Brittany Howard Gets Remixed by Bon Iver and EARTHGANG | Under the Radar | Music Blog for the Indie Music Magazine
Friday, May 24th, 2024  

Brittany Howard Gets Remixed by Bon Iver and EARTHGANG

Jaime Out Now via ATO

Sep 17, 2020 Brittany Howard Photography by Bobbi Rich Bookmark and Share

Brittany Howard, singer for Alabama Shakes, released her debut solo album, Jaime, last year via ATO. Now she has shared two remixes of songs from the album. Bon Iver rework “Short and Sweet” and Atlanta-based hip hop duo EARTHGANG take on “Goat Head.” Listen to both below.

Bon Iver’s Justin Vernon had this to say in a press release: “Brittany is a truly singular artist; so much power and musicality. This album speaks to so many people, including us. To have a chance to recreate ‘Short and Sweet’ in our own image with long-time collaborators Jenn Wassner and CJ Camerieri, was both an honor and almost too much of a privilege.”

EARTHGANG collectively had this to say: “We’ve been big fans of Brittany and Alabama Shakes so this is a dream come true. Songs like these help us make sense of all the craziness in the world at times. Her song ‘Goat Head,’ dealing with her black experience in America and The World, resonated the loudest at this time. Just thankful to be able to give the world our medicine and heal the people.”

Read our review of Jaime.

Previously Howard shared Jaime’s first three singles, “History Repeats,” “Stay High,” and “He Loves Me,” as well as a video of her performing “He Loves Me” live. “He Loves Me” was one of our Songs of the Week. Then she shared another song from the album, “13th Century Metal,” as well as a video of her performing the song live. “13th Century Metal” was also one of our Songs of the Week. Then she stopped by NPR Music to perform four songs as part of their Tiny Desk Concert series: “Stay High,” “Georgia,” “Baby,” and “Goat Head.” Then she stopped by Jimmy Kimmel Live! to perform “History Repeats” and also performed it on Later… With Jools Holland.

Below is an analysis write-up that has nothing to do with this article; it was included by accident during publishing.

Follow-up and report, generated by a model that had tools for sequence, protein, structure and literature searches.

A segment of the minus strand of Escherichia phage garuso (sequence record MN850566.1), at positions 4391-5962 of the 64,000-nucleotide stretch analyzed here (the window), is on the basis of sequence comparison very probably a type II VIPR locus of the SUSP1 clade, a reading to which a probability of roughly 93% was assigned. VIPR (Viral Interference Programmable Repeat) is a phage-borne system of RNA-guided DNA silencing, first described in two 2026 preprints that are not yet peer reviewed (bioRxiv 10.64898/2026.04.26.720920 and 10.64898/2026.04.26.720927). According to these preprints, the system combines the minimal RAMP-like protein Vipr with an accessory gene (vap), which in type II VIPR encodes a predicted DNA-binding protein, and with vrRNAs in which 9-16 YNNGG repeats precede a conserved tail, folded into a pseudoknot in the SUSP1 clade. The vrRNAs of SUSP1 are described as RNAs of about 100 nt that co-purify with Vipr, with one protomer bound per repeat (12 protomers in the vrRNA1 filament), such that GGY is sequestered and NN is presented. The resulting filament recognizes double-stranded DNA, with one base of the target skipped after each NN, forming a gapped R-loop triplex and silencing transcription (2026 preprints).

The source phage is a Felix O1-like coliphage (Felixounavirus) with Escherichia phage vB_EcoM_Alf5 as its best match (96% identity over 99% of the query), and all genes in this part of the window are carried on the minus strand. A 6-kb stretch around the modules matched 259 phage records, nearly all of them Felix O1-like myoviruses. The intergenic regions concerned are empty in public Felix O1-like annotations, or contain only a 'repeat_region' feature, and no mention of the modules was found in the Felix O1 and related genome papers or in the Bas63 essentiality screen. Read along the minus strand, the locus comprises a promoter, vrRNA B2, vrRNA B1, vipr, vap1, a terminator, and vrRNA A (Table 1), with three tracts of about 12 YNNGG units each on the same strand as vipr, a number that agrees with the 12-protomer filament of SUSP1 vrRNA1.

Howard’s sister inspired the album’s title. She taught Howard to play piano and write poetry, but passed away from cancer when the sisters were teenagers.

“The title is in memoriam, and she definitely did shape me as a human being,” said Howard in a previous press release. “But, the record is not about her. It’s about me. I’m pretty candid about myself and who I am and what I believe. Which is why I needed to do it on my own.”

In regard to branching out with a solo album, Howard had this to say: “I turned 30 and I was like, ‘What do I want the rest of my life to look like?’ Do I want to play the same songs until I’m 50 and then retire, or do I do something that’s scarier for me? Do I want people to understand me and know me, do I want to tell them my story? I’m very private, but my favorite work is when people are being honest and really doing themselves.”

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